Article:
For Wing Zone’s CEO and cofounder Matt Friedman, contemporizing his brand’s image involves more than just a logo refresh. It also includes changing Wing Zone’s primary ordering format from delivery to dine-in and takeout. This in turn forced Friedman and his team to contemporize the in-store design to attract customers.

“The direction of the company moving forward is nondelivery … and, because of that, the branding and the image and everything we do inside the store became that much more important,” Friedman says.

Last September, Wing Zone opened its first nondelivery, drive-thru concept in Smyrna, Georgia, which Friedman says is the first of many to come. This flagship restaurant, along with additional recently renovated Wing Zone units, contains new wall graphics, modernized floor tiles, digital menuboards, and a new color scheme that shifts from yellow to orange, all designed around a focus on flavor branding.

Friedman says Wing Zone’s focus has always been flavor, but it wasn’t defined until two years ago, when the new branding strategy began.

“I think a brand needs to define what they are in a few words, or maybe a sentence, or maybe one word,” he says. “And I think [flavor] defines us very well.”

Friedman says operators should be conscious of the costs needed to refresh a brand’s image, particularly since franchisees are involved. He thinks major changes to a brand’s image should be made every 10–15 yea rs.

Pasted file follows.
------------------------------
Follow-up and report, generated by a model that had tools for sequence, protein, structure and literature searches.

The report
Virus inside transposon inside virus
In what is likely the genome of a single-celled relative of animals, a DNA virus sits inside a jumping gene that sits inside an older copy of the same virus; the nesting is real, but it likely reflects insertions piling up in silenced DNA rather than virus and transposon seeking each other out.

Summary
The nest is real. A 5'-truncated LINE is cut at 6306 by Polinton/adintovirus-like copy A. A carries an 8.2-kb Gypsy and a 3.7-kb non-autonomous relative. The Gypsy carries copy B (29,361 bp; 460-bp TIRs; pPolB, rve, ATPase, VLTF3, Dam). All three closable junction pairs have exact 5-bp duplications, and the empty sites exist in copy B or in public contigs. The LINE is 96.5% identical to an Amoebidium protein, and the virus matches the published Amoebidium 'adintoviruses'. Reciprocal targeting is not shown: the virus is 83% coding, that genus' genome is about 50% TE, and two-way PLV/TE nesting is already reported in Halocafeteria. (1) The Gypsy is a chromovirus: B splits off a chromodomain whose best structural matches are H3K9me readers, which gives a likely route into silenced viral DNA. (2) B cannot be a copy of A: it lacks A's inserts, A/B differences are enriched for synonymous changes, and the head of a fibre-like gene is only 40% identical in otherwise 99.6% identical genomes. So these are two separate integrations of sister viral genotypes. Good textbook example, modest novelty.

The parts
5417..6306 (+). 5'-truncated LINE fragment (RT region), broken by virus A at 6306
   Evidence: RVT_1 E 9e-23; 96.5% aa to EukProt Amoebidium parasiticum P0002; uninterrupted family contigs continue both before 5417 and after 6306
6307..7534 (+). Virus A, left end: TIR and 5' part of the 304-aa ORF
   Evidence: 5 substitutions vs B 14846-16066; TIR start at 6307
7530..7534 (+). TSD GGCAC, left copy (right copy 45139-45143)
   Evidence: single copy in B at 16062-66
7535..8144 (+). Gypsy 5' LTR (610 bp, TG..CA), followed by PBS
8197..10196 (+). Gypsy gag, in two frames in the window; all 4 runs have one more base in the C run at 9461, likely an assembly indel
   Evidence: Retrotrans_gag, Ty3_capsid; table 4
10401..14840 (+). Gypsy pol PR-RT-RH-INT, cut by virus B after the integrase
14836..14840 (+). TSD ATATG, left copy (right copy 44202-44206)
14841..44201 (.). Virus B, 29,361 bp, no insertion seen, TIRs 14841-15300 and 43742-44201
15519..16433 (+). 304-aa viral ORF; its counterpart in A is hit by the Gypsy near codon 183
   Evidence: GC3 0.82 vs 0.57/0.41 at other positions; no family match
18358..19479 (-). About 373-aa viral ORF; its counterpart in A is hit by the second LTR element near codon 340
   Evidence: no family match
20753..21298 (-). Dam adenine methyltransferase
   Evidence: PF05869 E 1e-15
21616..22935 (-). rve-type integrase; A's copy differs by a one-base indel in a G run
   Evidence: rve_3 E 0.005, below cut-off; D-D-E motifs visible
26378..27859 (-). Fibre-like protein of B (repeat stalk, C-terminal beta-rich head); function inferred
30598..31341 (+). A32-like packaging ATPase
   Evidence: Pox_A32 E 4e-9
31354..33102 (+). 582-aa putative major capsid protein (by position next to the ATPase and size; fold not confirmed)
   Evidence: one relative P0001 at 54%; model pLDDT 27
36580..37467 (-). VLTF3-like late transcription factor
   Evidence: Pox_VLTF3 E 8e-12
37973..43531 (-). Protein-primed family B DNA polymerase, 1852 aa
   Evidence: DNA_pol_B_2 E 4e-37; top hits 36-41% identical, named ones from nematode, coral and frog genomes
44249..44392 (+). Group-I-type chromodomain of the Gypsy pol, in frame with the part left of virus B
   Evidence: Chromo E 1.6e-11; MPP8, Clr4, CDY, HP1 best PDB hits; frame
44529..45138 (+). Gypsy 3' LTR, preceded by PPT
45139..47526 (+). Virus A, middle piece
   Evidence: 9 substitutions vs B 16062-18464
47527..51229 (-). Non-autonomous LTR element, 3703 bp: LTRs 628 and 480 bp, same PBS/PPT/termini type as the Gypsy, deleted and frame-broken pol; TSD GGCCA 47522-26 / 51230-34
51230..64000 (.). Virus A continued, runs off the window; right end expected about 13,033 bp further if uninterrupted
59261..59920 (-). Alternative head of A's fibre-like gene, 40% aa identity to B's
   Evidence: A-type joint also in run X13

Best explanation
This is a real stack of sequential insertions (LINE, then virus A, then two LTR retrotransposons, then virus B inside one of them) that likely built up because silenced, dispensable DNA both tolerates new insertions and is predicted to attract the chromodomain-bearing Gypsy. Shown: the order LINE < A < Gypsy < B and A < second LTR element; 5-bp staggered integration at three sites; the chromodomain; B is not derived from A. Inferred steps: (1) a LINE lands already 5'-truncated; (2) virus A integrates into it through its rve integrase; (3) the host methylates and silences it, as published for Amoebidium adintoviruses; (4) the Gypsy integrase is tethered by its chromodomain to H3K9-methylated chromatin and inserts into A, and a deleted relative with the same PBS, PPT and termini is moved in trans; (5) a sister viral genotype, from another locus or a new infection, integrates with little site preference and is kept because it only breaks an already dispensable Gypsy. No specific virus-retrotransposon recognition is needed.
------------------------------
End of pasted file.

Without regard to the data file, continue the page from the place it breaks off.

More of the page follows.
“It’s exciting to take on new challenges and have to connect the way the stores look and feel and operate,” Friedman says. “I think we’ve done it in a very economical way. The cost to open a new Wing Zone today, because of the new branding, is really no different than it was two years ago.”

Dan DiZio, CEO and cofounder of Philadelphia-based Philly Pretzel Factory, refreshed his concept’s image through a new kiosk format, as well as by innovating the logo and adding new LCD-TV menuboards.

The new kiosk is smaller than traditional store formats, enabling Philly Pretzel Factory to set up shop in a wider range of area—such as airports, amusement parks, and malls—for a lower cost.

DiZio anticipates having around 60 percent kiosks and 40 percent traditional stores in the future.

Previously, he says his stores used a plain and outdated design. Now, Philly Pretzel Factory stores still use portions of the brand’s original finishes, but the company has updated its image through elements like fresh countertops, under-counter lighting, and improved signage.

“As time goes on, we keep upping the level, and every time we do another store, we add something to it that we really like and make that a signature part of what we want to continue on doing,” DiZio says. “We don’t want to lose the message that we hand-twist and we have fresh pretzels at all these locations … so we keep that in there, as well as the old colors and image, but also bring it up to date.”

He says updating a store doesn’t have to be expensive.

“It would be great to change every year, and there’s always going to be evolution, but I think a dramatic change every five to six years, a rejuvenation of the whole image, seems to be on par,” Dizio says. “I think it can be done functionally. We don’t have to destroy a store. … We can just freshen up.”